Most importantly, the projector is so small and lightweight it can be used with a see-through waveguide to create an ultra-compact display system for AR smart glasses, which is no different in size or appearance from the eyewear available from high street opticians. 

What are the use cases for this type of display technology?

The use cases are immense. AR is already used in industry, for example, for picking and tracking products in warehouses and for monitoring assembly processes using advanced image recognition, as well as for gaming. 

But this is just the tip of the iceberg. AR has enormous potential in healthcare, for example, in relation to hands-free photo documentation, telemedicine, electronic health record retrieval and input and rapid diagnostic test analysis. For consumers, high luminosity AR enables enhanced navigation and speed control for cyclists and skiers in bright daylight, and smart glasses can enable smart shopping via enhanced store navigation and product information, together with a totally different interactive form of advertising. AR will also positively impact education and training by making classes more interactive and focusing on practice rather than just theory.

TriLite’s projection display is less than one cubic centimetre in size, weighs 1.5 grams and provides TriLite Technologies a luminosity of 15 lumen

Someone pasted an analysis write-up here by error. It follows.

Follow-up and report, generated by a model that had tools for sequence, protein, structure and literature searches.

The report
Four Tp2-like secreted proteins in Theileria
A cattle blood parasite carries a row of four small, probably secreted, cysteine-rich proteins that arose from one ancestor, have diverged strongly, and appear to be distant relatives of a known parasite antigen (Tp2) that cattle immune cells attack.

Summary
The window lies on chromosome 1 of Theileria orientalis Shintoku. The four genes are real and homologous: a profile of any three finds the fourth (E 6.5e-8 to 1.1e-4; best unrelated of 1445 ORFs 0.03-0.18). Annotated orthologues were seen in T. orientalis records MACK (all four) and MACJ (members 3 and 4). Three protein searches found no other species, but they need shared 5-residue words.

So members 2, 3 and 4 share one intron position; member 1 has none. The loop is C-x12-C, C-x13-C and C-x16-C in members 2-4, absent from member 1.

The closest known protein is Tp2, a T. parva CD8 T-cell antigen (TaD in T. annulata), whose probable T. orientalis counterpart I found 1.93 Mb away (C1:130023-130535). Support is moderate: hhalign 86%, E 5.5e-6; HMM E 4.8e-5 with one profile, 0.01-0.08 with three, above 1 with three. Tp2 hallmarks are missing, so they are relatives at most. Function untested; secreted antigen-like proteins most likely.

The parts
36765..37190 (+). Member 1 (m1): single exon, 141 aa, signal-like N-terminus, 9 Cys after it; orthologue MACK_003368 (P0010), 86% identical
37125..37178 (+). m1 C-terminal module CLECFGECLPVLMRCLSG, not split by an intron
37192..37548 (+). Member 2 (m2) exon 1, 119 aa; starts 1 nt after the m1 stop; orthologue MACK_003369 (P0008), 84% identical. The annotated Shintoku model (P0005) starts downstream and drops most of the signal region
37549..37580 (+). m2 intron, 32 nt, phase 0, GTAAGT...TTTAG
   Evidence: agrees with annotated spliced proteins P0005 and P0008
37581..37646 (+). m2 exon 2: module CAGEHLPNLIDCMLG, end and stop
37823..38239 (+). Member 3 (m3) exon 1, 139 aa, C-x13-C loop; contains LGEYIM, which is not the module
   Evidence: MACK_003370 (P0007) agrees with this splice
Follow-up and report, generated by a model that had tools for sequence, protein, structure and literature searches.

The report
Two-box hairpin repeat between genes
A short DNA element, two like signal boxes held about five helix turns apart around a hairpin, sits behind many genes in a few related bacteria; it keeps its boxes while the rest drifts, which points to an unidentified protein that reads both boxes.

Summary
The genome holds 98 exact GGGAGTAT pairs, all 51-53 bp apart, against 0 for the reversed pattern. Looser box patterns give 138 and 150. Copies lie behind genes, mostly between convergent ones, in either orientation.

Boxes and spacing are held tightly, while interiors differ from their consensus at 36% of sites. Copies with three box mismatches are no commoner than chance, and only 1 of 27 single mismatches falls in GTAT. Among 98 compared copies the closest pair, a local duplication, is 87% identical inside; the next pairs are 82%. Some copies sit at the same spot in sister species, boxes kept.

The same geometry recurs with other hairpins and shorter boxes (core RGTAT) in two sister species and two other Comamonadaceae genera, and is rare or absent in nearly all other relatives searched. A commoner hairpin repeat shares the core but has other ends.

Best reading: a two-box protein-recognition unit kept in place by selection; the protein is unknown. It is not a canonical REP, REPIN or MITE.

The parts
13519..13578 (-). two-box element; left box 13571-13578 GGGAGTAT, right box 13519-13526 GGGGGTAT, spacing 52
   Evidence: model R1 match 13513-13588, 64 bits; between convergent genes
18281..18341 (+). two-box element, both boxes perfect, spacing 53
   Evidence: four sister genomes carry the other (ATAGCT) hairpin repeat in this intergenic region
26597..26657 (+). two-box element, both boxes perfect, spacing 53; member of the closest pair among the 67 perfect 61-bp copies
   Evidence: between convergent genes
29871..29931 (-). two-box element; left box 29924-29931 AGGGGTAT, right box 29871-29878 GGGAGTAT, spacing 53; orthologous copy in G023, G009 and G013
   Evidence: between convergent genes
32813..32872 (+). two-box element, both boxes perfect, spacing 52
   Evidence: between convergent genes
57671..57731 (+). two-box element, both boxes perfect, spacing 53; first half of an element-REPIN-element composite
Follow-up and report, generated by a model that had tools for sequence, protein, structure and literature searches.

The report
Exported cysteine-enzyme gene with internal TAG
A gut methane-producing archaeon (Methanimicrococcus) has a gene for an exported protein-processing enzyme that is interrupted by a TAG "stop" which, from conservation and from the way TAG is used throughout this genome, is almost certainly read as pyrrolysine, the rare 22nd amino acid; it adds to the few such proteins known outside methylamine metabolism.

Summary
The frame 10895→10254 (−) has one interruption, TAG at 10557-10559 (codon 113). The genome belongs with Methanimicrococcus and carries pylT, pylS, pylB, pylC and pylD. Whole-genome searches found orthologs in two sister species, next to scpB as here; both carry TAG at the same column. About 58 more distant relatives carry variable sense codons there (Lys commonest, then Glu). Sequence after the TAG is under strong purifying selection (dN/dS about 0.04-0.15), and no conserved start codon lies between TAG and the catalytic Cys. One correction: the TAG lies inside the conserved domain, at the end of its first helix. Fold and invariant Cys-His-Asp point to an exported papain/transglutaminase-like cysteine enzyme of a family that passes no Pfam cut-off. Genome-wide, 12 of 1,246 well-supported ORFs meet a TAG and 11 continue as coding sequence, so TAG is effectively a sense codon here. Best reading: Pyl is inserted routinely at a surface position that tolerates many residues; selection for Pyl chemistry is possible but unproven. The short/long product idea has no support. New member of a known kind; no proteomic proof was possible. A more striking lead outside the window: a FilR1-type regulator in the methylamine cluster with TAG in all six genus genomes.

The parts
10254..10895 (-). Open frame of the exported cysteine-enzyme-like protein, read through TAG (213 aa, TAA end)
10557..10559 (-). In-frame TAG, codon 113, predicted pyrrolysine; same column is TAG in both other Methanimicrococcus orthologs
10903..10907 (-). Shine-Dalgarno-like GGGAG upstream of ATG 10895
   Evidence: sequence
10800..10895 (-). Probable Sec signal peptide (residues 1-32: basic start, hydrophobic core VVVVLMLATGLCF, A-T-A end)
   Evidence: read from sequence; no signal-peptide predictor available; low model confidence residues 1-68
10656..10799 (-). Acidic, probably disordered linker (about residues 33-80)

Who are your main customers?

Our system has been designed to be as flexible as possible and compatible with a wide range of optical combiner technologies, so it can be customised to our customers’ specific needs. In the first phase, the processing power will be provided by a smartphone, so our customer base is mainly on the US west coast and in China where smartphone OEMs are located.

What’s your vision for the future?

Currently, only a very small number of people use AR, mainly for vertical markets such as logistics centres and industrial environments, because the key issues of size, weight and brightness have not yet been effectively addressed. 

We believe that our technology will enable AR devices that overcome these limitations. Our vision is that everyone will be able to enjoy augmented vision using lightweight smart glasses available from high street opticians. It’s as simple as that. 

If you started again, what would you do differently?

I’ve been lucky to have had so many opportunities that I’ve been able to grab and make the most of. Maybe I should have been more patient, but at the end of the day, I’m a consumer guy, which is why I never chose to go into automotive and why my temperament is well suited to TriLite, which is 100 per cent focused on the feelings and needs of consumers.

What’s your advice for the next generation of entrepreneurs? 

Persistence is essential for any entrepreneur, together with the awareness that developing really useful products in the deep tech space takes time. But for me, what’s most important is to do something that has a deeper meaning for the world and the end customer. For example, in our case, we are developing a completely new computer platform that minimises waste, has a much lower power consumption and reduces the number of devices to just one simple pair of smart glasses – that will ultimately make all other display systems redundant.